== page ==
pen/man/ship

by Meg Currell

EDGE Media Network Contributor

Wednesday February 22, 2017

We are in an age when people of color feel increasingly unsafe, at risk, and targeted. The true pervasiveness of bias against marginalized people has been revealed, and some seek to escape this unleashed enmity; frightened people have crossed the border into Canada and Mexico, leaving behind a place that has proved that people of color are not welcome.

The play "pen/man/ship," by Christina Anderson, details the 1896 voyage of 17 black Americans to Liberia in search of freedom from the oppressive treatment of people of color in the U.S. Four main characters square off about their experiences in the U.S. and their decisions to leave; Charles Boyd, who organized the voyage; Jacob Boyd, his son; Ruby Heard, Jacob's friend and sole female on the trip; and Cecil, a crew member who becomes friends with Charles.

Cecil is on the voyage to earn money, after loaning his last dollar to someone more in need than he. Ruby seeks self-determination and freedom; having lived in the cruelty of the South her whole life, she refuses to set foot on American soil again. Charles is secretly in the employ of the American Colonization Society, who has hired him to survey land in Liberia to create a penal colony for black people from America. The only person who learns of this true intent is his son, who keeps the controversial news from the rest of the people on the voyage.

It is Ruby's story that intrigues me. She is a woman of strength and purpose, a natural leader whose presence on the voyage is questioned only by the autocrat Charles, who assumes that no one will question someone of his intellectual rank. Ruby does, however, and her presence chafes him.

He verbally cuts her often, saying women are intellectually inferior, backing up his statement with "I speak a medical fact that also happens to be my opinion," "A woman's mind is a senseless maze," and "It's better to live in a desert land than with a vexing and contentious woman."

Ruby never rises to his bait, confident in her ability and knowledge. Charles hides his tilted morality behind his assumed authority, but the deception does not last.

Andrea Whittle ably takes the part of Ruby, an immovable strength that refutes Charles' arrogance. Vin Shambry charms as the affable Cecil, breathing life into his "squeezebox" that is mimicked in the sail. As Jacob, DeLance Minefee is sturdy and poetic as Jacob, drawn to Ruby's quiet strength but loyal to his father; "I love you," he tells Ruby, "In the most painful way possible. I hate my father in the tenderest way possible."

Adrian Roberts plays the intimidating Charles with deftness and compassion, giving us a man so convinced of his superiority that he doesn't know right from wrong. Like King Lear, Charles spirals into a madness of his own making, and Roberts imbues the character with conviction.

Director Lucie Tiberghien has placed this production on an "end stage," with audience areas on opposing sides of the stage. In the resulting rectangle, a shallow pool of water is surrounded by a wooden boardwalk. In the pool stands a small table and a chair at opposite corners. The sunken pool area acts as the cabin below deck where Charles spends most of his time. The boardwalk is the deck. Above it hangs a sail that lifts and falls as if with the wind.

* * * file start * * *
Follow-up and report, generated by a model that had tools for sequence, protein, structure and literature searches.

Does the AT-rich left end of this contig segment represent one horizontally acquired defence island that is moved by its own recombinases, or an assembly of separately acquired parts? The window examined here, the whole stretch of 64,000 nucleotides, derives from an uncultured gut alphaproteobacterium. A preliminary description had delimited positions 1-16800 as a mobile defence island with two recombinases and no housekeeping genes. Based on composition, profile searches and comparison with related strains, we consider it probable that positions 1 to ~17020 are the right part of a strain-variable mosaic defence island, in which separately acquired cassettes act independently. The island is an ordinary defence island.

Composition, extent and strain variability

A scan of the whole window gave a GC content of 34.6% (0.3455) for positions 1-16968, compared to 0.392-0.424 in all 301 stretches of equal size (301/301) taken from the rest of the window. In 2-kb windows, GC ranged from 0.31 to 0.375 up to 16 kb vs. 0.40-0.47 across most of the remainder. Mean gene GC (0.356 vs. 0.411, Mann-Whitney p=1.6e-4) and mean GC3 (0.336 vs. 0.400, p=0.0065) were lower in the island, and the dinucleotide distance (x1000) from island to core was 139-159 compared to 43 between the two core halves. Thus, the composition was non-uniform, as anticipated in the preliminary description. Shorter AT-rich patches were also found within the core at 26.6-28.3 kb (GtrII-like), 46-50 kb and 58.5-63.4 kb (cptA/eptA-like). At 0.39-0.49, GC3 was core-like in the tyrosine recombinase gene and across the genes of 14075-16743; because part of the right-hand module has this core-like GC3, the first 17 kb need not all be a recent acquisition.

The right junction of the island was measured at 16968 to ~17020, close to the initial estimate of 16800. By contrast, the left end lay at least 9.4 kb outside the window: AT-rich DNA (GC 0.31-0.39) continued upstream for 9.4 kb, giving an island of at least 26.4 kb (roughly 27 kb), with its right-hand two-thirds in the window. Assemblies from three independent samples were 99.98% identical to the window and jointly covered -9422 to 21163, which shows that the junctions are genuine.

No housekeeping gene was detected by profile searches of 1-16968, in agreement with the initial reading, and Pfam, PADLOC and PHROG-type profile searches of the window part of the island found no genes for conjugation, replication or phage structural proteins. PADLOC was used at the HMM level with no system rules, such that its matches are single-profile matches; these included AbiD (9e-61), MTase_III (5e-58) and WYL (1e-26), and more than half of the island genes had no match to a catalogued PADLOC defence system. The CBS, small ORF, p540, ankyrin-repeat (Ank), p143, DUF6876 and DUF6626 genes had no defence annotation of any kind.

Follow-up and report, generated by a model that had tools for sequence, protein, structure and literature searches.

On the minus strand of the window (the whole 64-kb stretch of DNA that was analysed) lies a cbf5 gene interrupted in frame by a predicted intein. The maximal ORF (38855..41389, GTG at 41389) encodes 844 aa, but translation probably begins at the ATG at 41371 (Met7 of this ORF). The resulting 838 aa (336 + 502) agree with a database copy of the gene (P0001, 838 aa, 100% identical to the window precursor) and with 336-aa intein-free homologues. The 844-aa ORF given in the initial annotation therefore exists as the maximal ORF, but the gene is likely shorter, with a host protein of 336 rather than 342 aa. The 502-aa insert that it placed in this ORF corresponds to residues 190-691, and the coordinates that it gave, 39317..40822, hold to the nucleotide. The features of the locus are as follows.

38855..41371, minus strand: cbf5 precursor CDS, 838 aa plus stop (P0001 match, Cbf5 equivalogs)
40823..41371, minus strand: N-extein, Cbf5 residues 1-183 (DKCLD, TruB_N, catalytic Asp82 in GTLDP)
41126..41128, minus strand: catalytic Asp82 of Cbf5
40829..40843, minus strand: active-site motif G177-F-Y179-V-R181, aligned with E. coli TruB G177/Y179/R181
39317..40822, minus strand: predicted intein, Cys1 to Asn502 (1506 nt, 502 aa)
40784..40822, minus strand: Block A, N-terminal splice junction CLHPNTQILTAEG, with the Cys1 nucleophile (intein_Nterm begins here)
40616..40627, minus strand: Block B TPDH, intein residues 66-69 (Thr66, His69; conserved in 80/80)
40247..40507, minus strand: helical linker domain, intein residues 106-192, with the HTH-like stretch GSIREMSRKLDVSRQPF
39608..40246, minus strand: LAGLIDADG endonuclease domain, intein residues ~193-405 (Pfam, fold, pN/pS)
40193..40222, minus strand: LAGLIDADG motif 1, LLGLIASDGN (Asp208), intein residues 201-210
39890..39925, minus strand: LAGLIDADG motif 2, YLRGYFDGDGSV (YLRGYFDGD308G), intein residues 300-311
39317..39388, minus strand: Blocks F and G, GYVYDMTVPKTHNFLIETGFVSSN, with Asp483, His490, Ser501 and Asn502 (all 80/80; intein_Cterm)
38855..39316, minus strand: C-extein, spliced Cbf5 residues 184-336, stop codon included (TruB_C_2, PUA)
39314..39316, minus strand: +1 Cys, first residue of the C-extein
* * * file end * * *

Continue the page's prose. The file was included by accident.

It's an intriguing set, but the use of the water remains a mystery throughout, serving neither as symbolism (getting their feet wet in freedom? The ship is sinking? This vessel of idealism is taking on water? "Waiting for Godot"-like surrealism?) nor realistic depiction of life at sea. It does serve to provide some lovely water sounds, but beyond that, its meaning is lost, and its presence a distraction.

"Pen/man/ship" is a marvelous piece of writing, and while the first act is text-heavy, the play asks questions we are facing today. Who decides who gets to put whom in what box? What does it mean to reject Christianity because it's a tool of conformity? What does patriotism mean? "(This country) celebrates the victories but ignores the injustices."

Do we continue living within this unbalanced culture or do we leave and seek true freedom? "Hope damages us; doubt is one of the most powerful weapons we have." These people all have reasons for leaving America, and those reasons have flowered anew today.

Touching on questions of criminality, imprisonment, freedom and self-determination, this tragic play changed the way I look at this country. As many people have begun to realize the onerous influence our historical inequality has had, this play reminds us that these questions demand our attention.

"pen/man/ship" runs through March 5 at Portland Playhouse, 602 NE Prescott St, Portland, OR 97211. For tickets and information, call 503-488-5822 or visit www.portlandplayhouse.org/penmanship

Meg Currell is a freelance author based in Portland, where she moved for the coffee and mountain views. With a background in literature and music, she explores dance, concerts and DIY with equal enthusiasm. She is currently at work on a collection of short stories.